Last week I attended the Autonomous Systems Showcase event at the University of Southampton. The focus of the event was to bring together industry, government and academia “to explore commercial and research opportunities to deliver the next generation of aerospace, marine, defence and other advanced systems technology to keep the UK at the forefront of these important industries“.
Minister of State for Universities and Science, David Willetts, delivered the opening keynote. Other speakers included Sir Brian Burridge, Vice President of Strategic Marketing at Finmeccanica UK, and Michael Pickwoad, Production Designer from Dr Who, who talked about his creative process and the relationship between science and fiction.
I have always enjoyed STEM outreach, be it talking about the UAV research I have been involved with at the Ladies Luncheon Club (average age of ~65) or showing how you can use node.js to control a Parrot AR drone to a group of hormonal teenagers.
Besides an interest in flying things I have always had a weak spot for maritime vehicles, particularly submarines. (For some reason land vehicles never really interested me). Triggered by the OpenROV kickstarter and, more recently, by listening to The Engineering Commons episode on Underwater Robots with Bill Porter, I have been looking for opportunities to learn more about them or even build them. As my own spare time has pretty much disappeared for various reasons, doing this as part of my STEM Ambassador work seemed a great idea.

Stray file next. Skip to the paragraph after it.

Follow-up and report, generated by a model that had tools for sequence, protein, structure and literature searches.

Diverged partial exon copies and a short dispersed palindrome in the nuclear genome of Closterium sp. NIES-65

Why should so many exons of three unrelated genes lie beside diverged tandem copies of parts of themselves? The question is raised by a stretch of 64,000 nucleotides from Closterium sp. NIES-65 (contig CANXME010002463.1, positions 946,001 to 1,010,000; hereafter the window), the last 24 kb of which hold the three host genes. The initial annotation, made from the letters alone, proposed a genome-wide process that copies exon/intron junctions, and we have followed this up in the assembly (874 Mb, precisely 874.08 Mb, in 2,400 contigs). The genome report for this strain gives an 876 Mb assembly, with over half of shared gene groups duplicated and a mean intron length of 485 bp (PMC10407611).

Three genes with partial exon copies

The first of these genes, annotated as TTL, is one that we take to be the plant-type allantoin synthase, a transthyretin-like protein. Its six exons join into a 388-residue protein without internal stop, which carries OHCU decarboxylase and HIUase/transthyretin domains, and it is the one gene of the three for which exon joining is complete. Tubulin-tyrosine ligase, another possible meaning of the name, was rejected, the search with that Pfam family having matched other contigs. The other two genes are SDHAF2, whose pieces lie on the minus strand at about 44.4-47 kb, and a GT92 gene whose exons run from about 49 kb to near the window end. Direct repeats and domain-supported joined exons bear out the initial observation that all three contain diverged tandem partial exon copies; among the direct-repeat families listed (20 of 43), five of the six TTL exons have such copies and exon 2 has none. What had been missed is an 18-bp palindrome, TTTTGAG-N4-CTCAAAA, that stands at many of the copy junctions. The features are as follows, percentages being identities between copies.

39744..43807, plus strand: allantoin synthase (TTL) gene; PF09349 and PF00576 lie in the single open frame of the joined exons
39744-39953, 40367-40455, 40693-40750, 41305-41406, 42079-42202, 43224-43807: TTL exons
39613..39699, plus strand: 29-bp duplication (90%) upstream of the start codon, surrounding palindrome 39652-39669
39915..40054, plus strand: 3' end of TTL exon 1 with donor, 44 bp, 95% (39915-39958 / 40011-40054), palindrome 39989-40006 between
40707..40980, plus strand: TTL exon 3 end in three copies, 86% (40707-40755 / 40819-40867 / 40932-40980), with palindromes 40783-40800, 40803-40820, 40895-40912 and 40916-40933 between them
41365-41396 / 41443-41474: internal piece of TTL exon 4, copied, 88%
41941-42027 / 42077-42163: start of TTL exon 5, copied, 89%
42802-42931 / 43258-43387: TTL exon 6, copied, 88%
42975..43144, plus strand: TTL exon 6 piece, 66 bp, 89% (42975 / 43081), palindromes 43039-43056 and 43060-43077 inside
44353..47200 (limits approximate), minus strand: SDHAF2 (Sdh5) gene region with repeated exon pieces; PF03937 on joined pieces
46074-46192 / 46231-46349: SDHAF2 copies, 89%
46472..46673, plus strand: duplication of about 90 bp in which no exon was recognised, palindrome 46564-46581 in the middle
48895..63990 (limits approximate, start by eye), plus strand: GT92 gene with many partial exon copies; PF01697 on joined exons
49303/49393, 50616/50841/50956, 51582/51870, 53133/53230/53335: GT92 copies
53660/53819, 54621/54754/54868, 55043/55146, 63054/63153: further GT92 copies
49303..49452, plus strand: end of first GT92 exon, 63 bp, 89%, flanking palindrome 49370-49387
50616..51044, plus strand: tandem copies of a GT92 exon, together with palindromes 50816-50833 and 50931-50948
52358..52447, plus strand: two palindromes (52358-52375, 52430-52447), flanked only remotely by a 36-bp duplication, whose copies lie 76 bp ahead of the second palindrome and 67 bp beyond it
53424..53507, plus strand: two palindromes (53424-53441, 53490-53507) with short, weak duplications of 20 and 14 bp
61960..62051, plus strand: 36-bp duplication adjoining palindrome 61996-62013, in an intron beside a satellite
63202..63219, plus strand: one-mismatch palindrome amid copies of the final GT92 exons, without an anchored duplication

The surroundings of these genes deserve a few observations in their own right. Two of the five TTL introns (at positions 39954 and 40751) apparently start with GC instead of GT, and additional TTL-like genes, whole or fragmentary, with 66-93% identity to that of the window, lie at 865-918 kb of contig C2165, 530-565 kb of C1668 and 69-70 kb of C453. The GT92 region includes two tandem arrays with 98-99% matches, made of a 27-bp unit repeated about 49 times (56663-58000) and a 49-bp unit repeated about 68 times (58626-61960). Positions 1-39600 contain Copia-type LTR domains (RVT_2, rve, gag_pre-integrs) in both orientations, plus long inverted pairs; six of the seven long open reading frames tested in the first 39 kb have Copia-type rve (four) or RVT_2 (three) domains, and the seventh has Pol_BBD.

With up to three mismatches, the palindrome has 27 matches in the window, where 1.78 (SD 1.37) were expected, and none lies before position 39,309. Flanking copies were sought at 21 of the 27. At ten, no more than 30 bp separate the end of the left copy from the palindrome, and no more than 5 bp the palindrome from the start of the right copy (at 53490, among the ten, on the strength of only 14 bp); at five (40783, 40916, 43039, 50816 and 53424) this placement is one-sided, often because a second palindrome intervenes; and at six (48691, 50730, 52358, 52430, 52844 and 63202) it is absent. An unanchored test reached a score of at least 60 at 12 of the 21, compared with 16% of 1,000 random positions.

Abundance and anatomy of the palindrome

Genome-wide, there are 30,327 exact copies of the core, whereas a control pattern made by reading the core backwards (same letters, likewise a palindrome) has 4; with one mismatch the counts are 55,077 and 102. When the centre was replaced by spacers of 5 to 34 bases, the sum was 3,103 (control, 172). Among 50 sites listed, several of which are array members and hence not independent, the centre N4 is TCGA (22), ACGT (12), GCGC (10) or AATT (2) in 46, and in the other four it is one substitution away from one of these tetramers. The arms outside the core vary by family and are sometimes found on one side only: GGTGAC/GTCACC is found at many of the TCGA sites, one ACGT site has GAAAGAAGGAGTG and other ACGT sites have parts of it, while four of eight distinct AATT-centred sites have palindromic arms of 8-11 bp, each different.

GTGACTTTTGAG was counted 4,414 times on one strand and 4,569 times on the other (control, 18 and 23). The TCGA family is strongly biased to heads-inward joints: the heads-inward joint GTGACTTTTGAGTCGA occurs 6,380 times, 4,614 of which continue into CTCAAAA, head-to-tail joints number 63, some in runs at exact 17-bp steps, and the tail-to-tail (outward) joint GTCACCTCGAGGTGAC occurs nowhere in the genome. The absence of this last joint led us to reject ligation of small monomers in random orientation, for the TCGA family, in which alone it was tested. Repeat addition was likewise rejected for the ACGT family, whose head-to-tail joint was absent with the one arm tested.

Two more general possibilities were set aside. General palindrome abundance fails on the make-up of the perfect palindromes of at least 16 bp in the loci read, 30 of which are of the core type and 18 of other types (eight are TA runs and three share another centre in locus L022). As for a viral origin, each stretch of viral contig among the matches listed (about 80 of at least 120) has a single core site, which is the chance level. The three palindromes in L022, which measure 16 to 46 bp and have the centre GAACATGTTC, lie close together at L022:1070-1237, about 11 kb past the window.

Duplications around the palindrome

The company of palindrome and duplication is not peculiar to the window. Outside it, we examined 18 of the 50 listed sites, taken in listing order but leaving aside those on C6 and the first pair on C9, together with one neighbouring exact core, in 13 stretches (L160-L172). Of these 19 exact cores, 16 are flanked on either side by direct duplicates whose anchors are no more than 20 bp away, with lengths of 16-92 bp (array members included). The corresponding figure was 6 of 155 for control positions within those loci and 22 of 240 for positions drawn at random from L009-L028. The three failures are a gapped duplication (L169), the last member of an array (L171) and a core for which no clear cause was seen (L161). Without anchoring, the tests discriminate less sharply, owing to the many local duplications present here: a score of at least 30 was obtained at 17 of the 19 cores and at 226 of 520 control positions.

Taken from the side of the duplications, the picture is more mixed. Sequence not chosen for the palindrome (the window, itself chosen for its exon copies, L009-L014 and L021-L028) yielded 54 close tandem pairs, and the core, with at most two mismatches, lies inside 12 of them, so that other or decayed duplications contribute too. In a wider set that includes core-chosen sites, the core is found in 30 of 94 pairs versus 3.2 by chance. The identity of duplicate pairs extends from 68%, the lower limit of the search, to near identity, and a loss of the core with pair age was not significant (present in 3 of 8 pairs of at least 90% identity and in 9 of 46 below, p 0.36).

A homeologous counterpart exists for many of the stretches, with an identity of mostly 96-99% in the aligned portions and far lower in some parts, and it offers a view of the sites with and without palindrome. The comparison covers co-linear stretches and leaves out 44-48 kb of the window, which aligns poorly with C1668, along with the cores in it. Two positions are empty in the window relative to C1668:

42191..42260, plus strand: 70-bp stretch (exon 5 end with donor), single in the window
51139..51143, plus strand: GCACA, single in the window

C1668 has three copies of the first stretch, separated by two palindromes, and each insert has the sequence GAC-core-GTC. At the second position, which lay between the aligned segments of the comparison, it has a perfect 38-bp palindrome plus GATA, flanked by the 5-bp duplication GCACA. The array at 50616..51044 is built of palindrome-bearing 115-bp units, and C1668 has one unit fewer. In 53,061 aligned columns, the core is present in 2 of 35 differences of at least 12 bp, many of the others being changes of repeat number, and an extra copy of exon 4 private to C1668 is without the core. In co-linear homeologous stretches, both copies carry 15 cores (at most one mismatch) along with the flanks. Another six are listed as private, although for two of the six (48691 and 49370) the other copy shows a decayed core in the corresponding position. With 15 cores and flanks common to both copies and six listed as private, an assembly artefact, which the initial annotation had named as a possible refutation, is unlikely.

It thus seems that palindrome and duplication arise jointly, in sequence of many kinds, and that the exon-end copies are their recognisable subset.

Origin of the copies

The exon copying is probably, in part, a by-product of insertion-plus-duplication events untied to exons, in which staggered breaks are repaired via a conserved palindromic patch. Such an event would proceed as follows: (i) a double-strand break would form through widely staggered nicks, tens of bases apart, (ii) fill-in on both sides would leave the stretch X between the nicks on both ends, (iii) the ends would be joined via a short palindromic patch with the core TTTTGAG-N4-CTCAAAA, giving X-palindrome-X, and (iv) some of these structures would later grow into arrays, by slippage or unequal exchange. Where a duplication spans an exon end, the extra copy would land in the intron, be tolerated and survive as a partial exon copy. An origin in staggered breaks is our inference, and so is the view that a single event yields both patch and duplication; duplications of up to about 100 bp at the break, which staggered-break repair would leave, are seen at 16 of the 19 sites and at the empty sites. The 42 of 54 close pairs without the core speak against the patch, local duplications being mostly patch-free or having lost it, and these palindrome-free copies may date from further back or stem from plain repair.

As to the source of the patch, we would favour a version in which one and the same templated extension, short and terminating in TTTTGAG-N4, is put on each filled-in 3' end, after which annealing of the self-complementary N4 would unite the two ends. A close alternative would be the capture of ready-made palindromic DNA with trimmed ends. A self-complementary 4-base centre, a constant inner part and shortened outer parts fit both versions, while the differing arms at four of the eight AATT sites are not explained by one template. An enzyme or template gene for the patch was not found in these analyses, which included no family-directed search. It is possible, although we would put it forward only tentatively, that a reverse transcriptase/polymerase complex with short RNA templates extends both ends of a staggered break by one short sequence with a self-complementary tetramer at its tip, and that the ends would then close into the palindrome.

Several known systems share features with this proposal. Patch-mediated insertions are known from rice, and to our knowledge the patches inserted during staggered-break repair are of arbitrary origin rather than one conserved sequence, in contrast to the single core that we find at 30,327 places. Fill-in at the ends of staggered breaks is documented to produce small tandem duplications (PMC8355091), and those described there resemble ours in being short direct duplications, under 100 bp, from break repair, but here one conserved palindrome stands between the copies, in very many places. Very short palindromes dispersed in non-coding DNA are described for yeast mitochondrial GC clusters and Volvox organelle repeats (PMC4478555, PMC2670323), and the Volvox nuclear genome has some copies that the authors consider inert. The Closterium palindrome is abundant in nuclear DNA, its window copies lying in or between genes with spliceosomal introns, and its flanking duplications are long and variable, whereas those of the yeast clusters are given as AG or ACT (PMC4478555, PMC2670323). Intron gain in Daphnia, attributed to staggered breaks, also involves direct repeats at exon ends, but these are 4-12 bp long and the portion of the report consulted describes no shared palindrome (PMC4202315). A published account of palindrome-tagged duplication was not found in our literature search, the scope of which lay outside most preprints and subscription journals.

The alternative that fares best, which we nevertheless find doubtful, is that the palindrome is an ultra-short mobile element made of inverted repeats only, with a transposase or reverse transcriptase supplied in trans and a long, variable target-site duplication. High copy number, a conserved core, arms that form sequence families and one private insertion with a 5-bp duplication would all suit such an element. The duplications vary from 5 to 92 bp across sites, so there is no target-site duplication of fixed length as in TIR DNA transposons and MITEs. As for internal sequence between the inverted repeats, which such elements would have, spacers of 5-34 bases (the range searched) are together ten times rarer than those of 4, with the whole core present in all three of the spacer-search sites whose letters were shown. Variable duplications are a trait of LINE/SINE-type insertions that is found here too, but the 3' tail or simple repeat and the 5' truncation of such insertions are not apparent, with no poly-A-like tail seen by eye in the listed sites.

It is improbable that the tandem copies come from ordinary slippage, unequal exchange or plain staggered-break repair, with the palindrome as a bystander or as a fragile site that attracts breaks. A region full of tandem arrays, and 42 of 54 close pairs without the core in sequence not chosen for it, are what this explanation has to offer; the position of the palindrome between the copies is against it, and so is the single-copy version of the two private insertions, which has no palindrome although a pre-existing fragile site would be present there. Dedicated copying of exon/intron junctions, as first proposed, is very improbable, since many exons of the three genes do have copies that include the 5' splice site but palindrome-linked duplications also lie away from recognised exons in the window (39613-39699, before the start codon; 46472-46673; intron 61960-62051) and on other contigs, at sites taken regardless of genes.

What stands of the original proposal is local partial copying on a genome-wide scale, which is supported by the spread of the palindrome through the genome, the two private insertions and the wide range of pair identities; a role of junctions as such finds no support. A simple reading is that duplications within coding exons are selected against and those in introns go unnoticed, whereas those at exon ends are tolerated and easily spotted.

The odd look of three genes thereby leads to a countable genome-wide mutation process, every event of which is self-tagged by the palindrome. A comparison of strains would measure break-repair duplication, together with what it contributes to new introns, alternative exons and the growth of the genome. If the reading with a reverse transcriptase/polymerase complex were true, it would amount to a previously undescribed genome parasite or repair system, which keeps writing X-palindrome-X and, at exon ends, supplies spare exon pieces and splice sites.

One liner summary: If you are interested in applying drone/UAV technology (or are already doing so) to humanitarian/social/conservation related problems, and you live in the UK. then get in touch.
I have worked with drones quite extensively in the past, including some work with the BBC, and still do in various ways now. I have to say, though, that I dislike the term drone and much prefer to use the term UAV or UAS. But that’s a different story.
I have also always had an interest in international development, social issues, and education. This has led to me running numerous Random Hacks of Kindness events, giving talks on ICT4D, and volunteering as a STEM Ambassador. I recently organized a NodeCopter event with the local Makerspace and have talked about UAV technology to groups as diverse as 11-13 year olds to The Ladies Luncheon Club where the average age is 65.
Inspired by the recent DroneConference in the US, a coffee with the founder of ShadowView, and the enthusiasm of the UAV guy at Doctors Without Borders, I am now looking to reach out to similar minded people and see if maybe we can set up a Drone User Group chapter here in the UK? Founded in the US by Timothy Reuter, their tagline is: Promoting the Use of Civilian Drone Technology for the Benefit of Humanity. They also recently announced a drone social impact award. I contacted Timothy and he was very supportive of the idea.
I have always been a fan of autonomous flying machines, particular their civilian applications, and through my past work at the University I have been fortunate to be able to work on the design and building of UAVs. I have also been a keen attender of various meetups and hackathons .
I was therefore immediately sold when I heard about the Node Copter concept: getting together and see what you can make a Parrot AR Drone do by the end of the day using node.js. Best explained by video: